Date: 2015–05
  3. By: Anjali Suriyakumaran; Yuji Tamura
    Abstract: In recent years, using economic theories, a small number of researchers have examined asylum provision by non-persecutor countries. Unfortunately, the nature of their analyses makes the results inaccessible to many who are interested in understanding the topic from multidisciplinary perspectives but are unfamiliar with mathematical methods in economics. We communicate the findings of those studies in non-mathematical fashion, thereby contributing to a facilitation of interdisciplinary research on asylum policy.
    Keywords: asylum provision, asylum policy
    Date: 2015–06
  4. By: Naghsh Nejad, Maryam (IZA); Young, Andrew T. (West Virginia University)
    Abstract: We investigate emigrant self-selection according to institutional quality using up to 3,566 observations on bilateral migration flows from 77 countries over the 1990-2000 period. We relate these flows to differences in political and economic institutions. We improve and expand upon previous studies by (i) examining decade-long migration flows that (ii) include flows not only to OECD countries but also to non-OECD countries; also (iii) utilizing an estimation method that takes into account the information in zero value migration flows and (iv) examining not only total migration flows but also college-educated and non-college educated subsamples separately. We find that economic freedoms are a significant pull factor for potential migrants. Once economic freedoms are controlled for, measures of political institutions do not enter significantly into our estimations. Results are similar for college- and non-college-educated subsamples. Improvements in legal systems and property rights appear to be the strongest pull factor for potential migrants.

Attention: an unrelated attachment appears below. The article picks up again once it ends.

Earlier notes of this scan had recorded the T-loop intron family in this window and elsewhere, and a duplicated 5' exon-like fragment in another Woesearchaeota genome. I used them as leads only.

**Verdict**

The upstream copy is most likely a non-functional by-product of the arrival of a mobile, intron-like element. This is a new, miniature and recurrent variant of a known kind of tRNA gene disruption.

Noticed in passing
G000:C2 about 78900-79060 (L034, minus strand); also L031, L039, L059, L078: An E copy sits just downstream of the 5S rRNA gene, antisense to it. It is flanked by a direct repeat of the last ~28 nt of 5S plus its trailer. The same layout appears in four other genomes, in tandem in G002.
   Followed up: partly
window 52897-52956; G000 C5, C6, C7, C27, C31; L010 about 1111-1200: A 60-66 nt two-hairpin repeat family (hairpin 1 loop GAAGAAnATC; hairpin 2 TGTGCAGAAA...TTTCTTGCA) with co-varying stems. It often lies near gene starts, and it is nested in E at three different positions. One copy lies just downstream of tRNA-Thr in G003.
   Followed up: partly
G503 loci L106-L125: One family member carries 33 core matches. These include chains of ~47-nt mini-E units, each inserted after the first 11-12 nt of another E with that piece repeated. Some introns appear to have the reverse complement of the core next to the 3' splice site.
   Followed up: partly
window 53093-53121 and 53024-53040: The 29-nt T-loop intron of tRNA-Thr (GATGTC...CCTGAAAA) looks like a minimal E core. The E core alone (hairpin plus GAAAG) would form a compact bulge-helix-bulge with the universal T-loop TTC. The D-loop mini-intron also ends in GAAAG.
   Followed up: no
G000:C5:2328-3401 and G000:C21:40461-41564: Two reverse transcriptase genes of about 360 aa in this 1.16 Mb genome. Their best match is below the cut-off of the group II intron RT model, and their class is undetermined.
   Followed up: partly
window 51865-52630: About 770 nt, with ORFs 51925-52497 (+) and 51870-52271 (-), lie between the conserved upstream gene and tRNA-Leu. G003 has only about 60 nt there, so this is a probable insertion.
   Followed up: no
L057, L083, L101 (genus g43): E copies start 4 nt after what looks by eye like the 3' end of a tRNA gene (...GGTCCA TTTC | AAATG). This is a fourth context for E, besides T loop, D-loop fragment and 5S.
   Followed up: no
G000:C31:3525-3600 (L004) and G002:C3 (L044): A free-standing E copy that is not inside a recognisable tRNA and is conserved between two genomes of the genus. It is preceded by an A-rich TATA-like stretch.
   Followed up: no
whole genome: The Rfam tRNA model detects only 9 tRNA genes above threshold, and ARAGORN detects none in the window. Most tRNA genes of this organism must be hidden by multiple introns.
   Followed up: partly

Keywords: emigration, institutions, democracy, economic freedom, brain drain
    JEL: O43 F22 P51
    Date: 2015–08
  5. By: Dainn Wie (GRIPS); Hanol Lee (Korea University, Seoul, Korea)